I leaned out the back door, and spied the sheriff leaning on the fender of daddies pickup, a plume of smoke forming a white halo around his head. He saw me, and pitched his cigarette away. ‘Finished?’ He asked walking towards the house, looked up the street, and hurried his step a bit. ‘Come inside with me.’

‘Yes sir.’ I answered to both his questions. I followed him back into the living room. Instead of sitting again, he turned to me with a look of regret in his eyes.

‘Now Chelsea, I’ve got to do something that makes me physically ill to my stomach, but is something that we both need to do to make this whole situation believable, do you understand?’

‘No sir, I don’t.’ I answered truthfully. He sighed, his shoulders drooping.

‘What I’m saying is that I need to give you a shiner.’

‘What? Why?’ I asked stunned.

‘Because the story is that someone your father knew knocked on the door, they got into a tussle, you came into the kitchen to see what the fuss was, and got knocked in the head, when you came to, your father was dead, and the mystery man was gone.’ He looked at me a moment longer. ‘I know you’ve got steel in you young lady, so are you ready for this?’

‘No sir I’m not, but go ahead, let’s get this over.’ I said immediately choosing to go along with this, hell I had no choice; I’d already killed my father and buried the evidence.

He didn’t warn me, instead hitting me in the face with his big meaty hand. It rocked my head back; he was quick to catch me before I could fall. My vision grayed, and I felt my knees buckle, and I was grateful that he caught me.

‘Easy honey, easy does it, let’s get you to the couch, okay?’ He asked guiding me in that direction.

‘No, I’m fine. I need to get changed before Bobby gets back.’ I said, staggering down the hallway to my room. I felt my eye begin to swell, and knew that I would have a helluva shiner in a few minutes, probably less. As I put my dress back on my head began to clear. I went from grateful to curious that this man was trying to help me.

‘So... why?’ I asked coming back into the living room, noticing that Hank had sat back in the recliner, steepling his fingers under his chin. A burning cigarette smoldered in the ashtray to his right.

‘Outside the obvious, you mean?’ He asked looking at me, taking his cigarette from the ashtray.

‘Because we all deserve a second chance, hell Chelsea, this is your first one, you’ve never had any.’ He drug deeply from his cigarette and returned it to the ashtray. ‘The way you flinched away from me when I first got here proved something to me, something that your mama had suspected for awhile.’ He looked at me, his deep blue eyes piercing, and I could feel the heat of his anger building, and could imagine sparks flying from the tips of his immaculately groomed sandy blonde flat top. ‘He’s been at you.’ He said this as a statement, not a question, and there was no mistaking the anger it contained. ‘You want to know something else? I had a feeling that Carl knew more than he was willing to let on. Your mama told me long before she died, oh when you were naught but about two or three, that she assumed Carl knew about our little tryst. And knowing that sly son of a bitch, I’d be willing to bet that he managed to put two and two together and knew what me and Amy only suspected.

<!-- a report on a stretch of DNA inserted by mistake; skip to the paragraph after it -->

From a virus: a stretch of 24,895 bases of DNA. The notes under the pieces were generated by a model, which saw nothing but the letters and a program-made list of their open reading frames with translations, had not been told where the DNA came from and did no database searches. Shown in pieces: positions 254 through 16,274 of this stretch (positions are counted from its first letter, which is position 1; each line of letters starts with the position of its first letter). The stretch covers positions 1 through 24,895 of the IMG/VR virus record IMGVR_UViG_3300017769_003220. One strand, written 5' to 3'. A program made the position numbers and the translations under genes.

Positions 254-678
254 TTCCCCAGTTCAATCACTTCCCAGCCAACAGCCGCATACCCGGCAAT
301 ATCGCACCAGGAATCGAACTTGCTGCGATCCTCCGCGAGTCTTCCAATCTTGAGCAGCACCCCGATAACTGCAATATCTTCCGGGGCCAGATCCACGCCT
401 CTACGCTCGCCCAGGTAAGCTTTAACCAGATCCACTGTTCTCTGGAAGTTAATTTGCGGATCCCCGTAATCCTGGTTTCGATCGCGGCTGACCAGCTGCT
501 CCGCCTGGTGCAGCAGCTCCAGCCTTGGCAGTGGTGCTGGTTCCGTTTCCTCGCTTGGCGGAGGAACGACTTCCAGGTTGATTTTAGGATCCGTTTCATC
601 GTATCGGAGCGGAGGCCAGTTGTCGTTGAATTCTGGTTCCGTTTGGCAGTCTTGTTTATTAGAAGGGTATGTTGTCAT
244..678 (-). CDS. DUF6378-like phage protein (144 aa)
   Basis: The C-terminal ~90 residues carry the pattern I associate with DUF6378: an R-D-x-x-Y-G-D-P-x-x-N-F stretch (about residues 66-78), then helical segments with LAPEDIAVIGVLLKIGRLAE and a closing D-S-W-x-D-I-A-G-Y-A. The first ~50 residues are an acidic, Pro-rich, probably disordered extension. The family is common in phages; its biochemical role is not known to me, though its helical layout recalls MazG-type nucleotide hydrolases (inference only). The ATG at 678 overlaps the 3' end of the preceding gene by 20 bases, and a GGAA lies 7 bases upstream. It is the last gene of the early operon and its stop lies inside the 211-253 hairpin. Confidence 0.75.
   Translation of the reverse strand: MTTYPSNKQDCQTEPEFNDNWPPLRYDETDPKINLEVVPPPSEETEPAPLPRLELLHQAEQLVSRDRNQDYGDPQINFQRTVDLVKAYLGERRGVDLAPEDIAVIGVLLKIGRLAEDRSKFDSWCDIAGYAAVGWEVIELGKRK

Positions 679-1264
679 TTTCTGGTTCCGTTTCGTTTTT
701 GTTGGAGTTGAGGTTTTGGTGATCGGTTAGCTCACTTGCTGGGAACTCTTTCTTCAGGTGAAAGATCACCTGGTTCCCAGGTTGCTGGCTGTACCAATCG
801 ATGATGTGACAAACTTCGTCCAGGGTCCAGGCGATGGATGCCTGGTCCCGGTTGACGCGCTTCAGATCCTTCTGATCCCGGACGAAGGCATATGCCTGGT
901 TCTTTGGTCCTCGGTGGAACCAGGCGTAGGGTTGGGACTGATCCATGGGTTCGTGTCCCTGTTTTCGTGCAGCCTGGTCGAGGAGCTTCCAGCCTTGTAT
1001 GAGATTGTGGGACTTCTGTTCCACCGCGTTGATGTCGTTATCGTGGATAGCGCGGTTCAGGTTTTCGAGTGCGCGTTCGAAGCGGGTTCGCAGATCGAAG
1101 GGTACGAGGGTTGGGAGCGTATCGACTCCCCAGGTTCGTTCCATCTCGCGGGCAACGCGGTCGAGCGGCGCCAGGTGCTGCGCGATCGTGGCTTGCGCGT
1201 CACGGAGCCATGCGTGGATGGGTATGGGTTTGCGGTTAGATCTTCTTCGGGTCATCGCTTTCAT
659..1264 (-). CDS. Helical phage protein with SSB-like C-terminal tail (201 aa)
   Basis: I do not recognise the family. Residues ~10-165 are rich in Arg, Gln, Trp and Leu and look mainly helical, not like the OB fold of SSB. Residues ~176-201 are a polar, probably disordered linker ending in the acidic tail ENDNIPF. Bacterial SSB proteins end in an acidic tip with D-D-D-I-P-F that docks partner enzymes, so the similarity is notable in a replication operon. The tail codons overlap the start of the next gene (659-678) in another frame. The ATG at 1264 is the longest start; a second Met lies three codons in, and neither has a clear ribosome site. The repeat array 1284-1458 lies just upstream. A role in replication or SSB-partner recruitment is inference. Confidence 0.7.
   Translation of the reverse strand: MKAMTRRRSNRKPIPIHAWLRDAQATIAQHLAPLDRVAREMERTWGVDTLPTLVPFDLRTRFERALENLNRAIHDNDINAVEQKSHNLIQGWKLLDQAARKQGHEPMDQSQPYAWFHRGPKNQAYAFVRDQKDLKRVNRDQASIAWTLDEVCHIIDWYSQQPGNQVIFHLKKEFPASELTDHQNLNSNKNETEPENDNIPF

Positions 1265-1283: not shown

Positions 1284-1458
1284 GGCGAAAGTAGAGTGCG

‘And he got after me because he thought that he wasn’t my daddy, that it was okay, that he could poke and prod me because we weren’t blood relations.’ I said, feeling my gut clench. For an answer, Hank merely nodded and smiled grimly.


All that happened two years ago, Hank managed to get custody of me when it turned out that his missus was barren and couldn’t carry any children of her own. A county judge that Hank knew and had occasion to play cards with perfunctorily argued about the adoption but dropped his protests when it became apparent that nobody would be rushing forward to claim me. It really was just me against the world. Well until Hank took me under his wing. Melissa was a fine woman and she and I got on like gangbusters. There was no jealousy from either one of us. We were less like mother and daughter and more like sisters or best friends. Hank and I grew to love one another in a really short time and, and I was happy that this man was my father. The investigation into my ‘father’s’ murder went nowhere quick. Turned out that he knew all kinds of undesirables, and the list of people who wanted him dead was long. Bobby was suspicious of what happened inside that house but never really raised much of a stink. I am much happier now, and even managed to get a tidy sum of money from selling the house and most of everything that was inside it. Hank made me set it aside for my college, and when I looked at him like he was crazy; me going to college! He merely shrugged wisely and said that I had a good head on my shoulders. I told you that I loved Hank, didn’t I?